A) Learning the finger patterns (7 and once you start grasping those, the 5 sharps/flats filling out the rest of your 12 notes will become more self evident). I'll add that my instructor has told me to start each scale mode and in each key on the low "E" string, play it up, back down to where I started on the 6 string and rather than end there, play back up to the key note. You'll see what I mean in week 2 with the Dorian. Basically, for example, in the key of "A" I'd start with the low E, 7th fret play the pattern up, back down to low E 5th fret and up again to the "D" string 7th fret, that being actually the 1st "A" played in that pattern, and ending there. You'll hear that it doesn't sound quite right, beginning a key of A scale on the B note and even worse if you end on the B. But playing back up to the A was, for me, something of an AHA! moment.

B) Sort of a continuation of )A, but I'm starting to get a handle on the same notes are on different strings/frets at a glance. I can see that at some point it will become automatic.

C) I'm learning to move away from seeing scales and their modes as simply patterns. I'm seeing them now more as each key being a mostly 4 but at times, a 5 fret wide 6 string box containing the notes I need in a given key. This allows me to solo over a chord progression using the proper notes, rather the the trial and error approach I'd been doing.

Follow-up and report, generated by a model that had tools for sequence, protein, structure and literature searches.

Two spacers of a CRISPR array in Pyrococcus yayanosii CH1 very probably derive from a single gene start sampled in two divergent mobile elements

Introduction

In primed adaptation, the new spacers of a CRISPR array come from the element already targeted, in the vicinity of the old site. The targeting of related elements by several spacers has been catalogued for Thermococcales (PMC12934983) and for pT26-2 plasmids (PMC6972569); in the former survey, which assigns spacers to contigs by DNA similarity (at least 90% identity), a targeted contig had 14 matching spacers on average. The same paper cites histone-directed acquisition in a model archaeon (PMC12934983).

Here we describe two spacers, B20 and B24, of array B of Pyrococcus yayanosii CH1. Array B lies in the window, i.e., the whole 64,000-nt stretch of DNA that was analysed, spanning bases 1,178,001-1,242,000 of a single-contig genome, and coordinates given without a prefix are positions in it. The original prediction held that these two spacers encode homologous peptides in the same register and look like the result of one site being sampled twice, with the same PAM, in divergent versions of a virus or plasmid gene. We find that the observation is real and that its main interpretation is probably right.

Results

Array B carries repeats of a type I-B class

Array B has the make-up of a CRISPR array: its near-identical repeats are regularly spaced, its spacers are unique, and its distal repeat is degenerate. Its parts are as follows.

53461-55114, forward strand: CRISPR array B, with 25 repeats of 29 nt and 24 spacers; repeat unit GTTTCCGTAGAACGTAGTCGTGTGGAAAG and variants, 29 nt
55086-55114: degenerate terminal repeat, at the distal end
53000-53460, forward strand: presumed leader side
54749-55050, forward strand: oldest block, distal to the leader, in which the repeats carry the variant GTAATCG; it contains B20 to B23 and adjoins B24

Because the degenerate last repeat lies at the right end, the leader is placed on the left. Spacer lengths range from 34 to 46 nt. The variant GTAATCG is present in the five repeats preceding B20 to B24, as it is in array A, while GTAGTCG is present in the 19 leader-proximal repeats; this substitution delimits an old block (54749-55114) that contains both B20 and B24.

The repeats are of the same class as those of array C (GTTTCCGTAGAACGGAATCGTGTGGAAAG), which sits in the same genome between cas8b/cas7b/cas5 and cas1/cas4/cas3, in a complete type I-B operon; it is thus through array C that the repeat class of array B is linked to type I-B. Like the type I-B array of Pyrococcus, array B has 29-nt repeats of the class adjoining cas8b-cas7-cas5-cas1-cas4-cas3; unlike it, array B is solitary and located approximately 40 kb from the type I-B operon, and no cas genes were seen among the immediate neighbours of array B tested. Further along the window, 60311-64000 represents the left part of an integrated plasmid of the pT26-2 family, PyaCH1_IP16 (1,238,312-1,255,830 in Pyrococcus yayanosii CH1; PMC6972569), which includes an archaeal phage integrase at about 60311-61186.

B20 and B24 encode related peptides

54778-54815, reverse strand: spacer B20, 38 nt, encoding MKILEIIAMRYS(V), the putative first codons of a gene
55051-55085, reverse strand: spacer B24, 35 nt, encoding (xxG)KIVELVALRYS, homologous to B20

Trying to guess which notes fit and being a half tone off way too often. Flip side of that is, I've also learned that as long as I know what key the chord prog is in, that as long as I am in the right "box" for that key the very worst I can do in playing an "off note" is be only a half tone off. And that's a neat thing sometimes, in that I can intentionally hit a "bad note" and immediately slide up or down 1 fret to the right note. Something else to play with.

D) I'm catching myself hearing little things I hadn't noticed before, so my ear is developing.

E) In experimenting with the different keys and chord progressions and the notes within, I'll have little AHA! moments in that I'll hear myself play a few notes/chords and realize that they are part of this song or that. Most significantly, I heard early on, a few chords the I knew right away were part of "Sittin' on the Dock of the Bay". Expanding on those chords over the course of a few weeks, I got to where I can now play a recognizable and passable version of the whole song. Working now on figuring out the whistling part and converting it to a guitar solo. I have the rythmn recorded in my looper to use to play over.

When I started this excercise it seemed like a really big hill to climb and I kinda dreaded doing it. Once I jumped in and noticed right off that I was going to learn a lot, quickly, it's actually a blast! I feel less often like I'm stuck. It's like evey new thing I start to get a grasp of make something else suddenly make sense, which I can begin exploring, and damn! I'm not stuck anymore.